TOWNSHIP 5 RANGE 9, Maine — “Rare” state historic monuments that draw tourists to eastern Piscataquis County are crumbling, and a local historian fears their condition will deteriorate further without major repair.
The condition of the blast furnace and charcoal kiln at Katahdin Iron Works “sickens” local historian and author William R. Sawtell, of Brownville, who said his calls to state officials have been ignored.
“It’s a rare treasure that we have in this area that’s a tourist site. It draws people to this area, and people going through Gulf Hagas visit it,” Sawtell said Thursday. “It should be repaired.”
Tom Desjardin, historian for Maine’s Bureau of Parks and Land, said this week the two structures have been repaired fairly regularly. Some of the problems are caused by vandalism and others by the weather.
“Like a lot of our structures, they weren’t designed to last as long as they have, and we’re trying to keep them together,” Desjardin said this week. “It’s an issue that’s a concern and something we obviously would like to do. It’s just a question of trying to figure out a way to get the money.”
Sawtell, author of “Katahdin Iron Works and Gulf Hagas Before and Beyond,” said there is a gaping hole about 6 feet in diameter in the back of the blast furnace and some bricks have been removed from the remaining kiln. Graffiti have been left behind on both structures. The kiln has been gated off by the state.
The two structures are the only remnants of a large settlement that was carved in the wilderness in 1843 near the rich iron ore deposits of Ore Mountain, according to Sawtell. At one time, the settlement had a large hotel, a brothel, a general store, a train station, several outbuildings and homes. The ore was removed until the late 1800s, when the demand for raw iron declined, making the operation unprofitable.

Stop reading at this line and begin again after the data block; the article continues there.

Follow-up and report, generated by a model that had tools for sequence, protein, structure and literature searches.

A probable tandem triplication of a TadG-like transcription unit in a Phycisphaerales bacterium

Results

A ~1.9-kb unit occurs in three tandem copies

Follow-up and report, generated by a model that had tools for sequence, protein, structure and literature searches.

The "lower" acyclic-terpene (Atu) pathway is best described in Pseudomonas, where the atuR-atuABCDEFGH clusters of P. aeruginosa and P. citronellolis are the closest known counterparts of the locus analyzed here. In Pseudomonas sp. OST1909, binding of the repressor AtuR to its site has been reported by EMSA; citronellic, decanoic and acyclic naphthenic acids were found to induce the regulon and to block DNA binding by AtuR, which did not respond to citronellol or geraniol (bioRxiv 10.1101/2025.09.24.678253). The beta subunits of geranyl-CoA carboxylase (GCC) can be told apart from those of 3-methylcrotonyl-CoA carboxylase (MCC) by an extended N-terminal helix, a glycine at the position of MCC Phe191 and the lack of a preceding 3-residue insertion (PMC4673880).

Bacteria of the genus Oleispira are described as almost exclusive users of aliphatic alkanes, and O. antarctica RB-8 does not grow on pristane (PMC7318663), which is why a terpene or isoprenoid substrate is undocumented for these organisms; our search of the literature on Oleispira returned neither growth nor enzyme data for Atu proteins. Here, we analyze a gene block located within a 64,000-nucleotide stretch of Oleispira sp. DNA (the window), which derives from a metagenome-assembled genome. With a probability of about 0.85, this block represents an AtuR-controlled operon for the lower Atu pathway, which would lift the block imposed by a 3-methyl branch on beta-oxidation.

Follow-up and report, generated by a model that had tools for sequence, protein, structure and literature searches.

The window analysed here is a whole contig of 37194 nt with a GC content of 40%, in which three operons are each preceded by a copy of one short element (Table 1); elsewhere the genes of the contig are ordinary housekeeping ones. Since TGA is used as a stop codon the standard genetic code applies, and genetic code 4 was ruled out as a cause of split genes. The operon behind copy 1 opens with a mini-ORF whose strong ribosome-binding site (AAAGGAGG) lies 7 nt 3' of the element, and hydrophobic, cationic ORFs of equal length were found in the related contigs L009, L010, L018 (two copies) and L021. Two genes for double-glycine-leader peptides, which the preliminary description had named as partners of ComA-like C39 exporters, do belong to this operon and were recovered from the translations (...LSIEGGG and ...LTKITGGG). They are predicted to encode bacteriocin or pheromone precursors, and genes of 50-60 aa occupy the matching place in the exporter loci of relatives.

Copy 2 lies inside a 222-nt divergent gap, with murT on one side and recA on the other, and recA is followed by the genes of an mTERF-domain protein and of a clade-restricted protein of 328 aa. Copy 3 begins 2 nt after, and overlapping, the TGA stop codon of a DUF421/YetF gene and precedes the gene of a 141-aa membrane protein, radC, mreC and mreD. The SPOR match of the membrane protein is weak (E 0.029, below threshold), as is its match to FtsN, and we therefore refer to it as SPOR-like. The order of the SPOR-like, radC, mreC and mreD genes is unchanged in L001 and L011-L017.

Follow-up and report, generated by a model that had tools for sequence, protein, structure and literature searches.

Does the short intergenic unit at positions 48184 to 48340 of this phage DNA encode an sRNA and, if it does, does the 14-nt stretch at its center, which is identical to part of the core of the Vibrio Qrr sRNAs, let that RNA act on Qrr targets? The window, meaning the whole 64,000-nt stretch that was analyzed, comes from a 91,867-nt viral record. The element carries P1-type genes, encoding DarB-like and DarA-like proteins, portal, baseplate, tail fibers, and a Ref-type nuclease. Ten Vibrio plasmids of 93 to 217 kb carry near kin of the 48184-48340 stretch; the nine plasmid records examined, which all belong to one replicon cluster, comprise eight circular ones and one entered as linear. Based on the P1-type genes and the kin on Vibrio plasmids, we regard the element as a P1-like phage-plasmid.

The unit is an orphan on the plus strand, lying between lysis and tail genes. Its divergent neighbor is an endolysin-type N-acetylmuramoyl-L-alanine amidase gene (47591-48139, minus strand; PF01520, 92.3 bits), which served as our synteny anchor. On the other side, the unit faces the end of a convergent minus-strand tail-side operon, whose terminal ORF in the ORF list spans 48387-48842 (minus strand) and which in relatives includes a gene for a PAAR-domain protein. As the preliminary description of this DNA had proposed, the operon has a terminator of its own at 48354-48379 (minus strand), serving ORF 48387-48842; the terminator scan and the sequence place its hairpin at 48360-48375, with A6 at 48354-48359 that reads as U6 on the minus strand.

The kiln — the only one of 16 remaining — the blast furnace and the land that both are situated on were donated to the state by General Chemical Co. The state did extensive restoration on the two structures in 1966.
Despite that extensive work, Desjardin said, some “pretty major work” still is needed. A restoration engineer retained by the state a few years ago pegged at $300,000 the cost to address the water issues and cracking so that no further work would be needed for 20 to 30 years. That cost takes into consideration the long haul for supplies to get to the isolated site, he said.
Desjardin said his department had included $100,000 in its budget to do enough work to keep the structures stable, but the funds have been used for other priorities such as erosion at Popham Beach.
The $7.5 million approved by voters in the fall of 2007 for improvements to state parks and historic sites has been spent, but about $33 million to $35 million more is needed to make other necessary repairs in the short term, according to Desjardin.
An infusion of private capital to help with the improvements might be one answer, Sawtell said.
Desjardin said the state would welcome private capital to help make the repairs under state guidelines. Until then or until another bond is approved, patching and temporary work will continue at the site.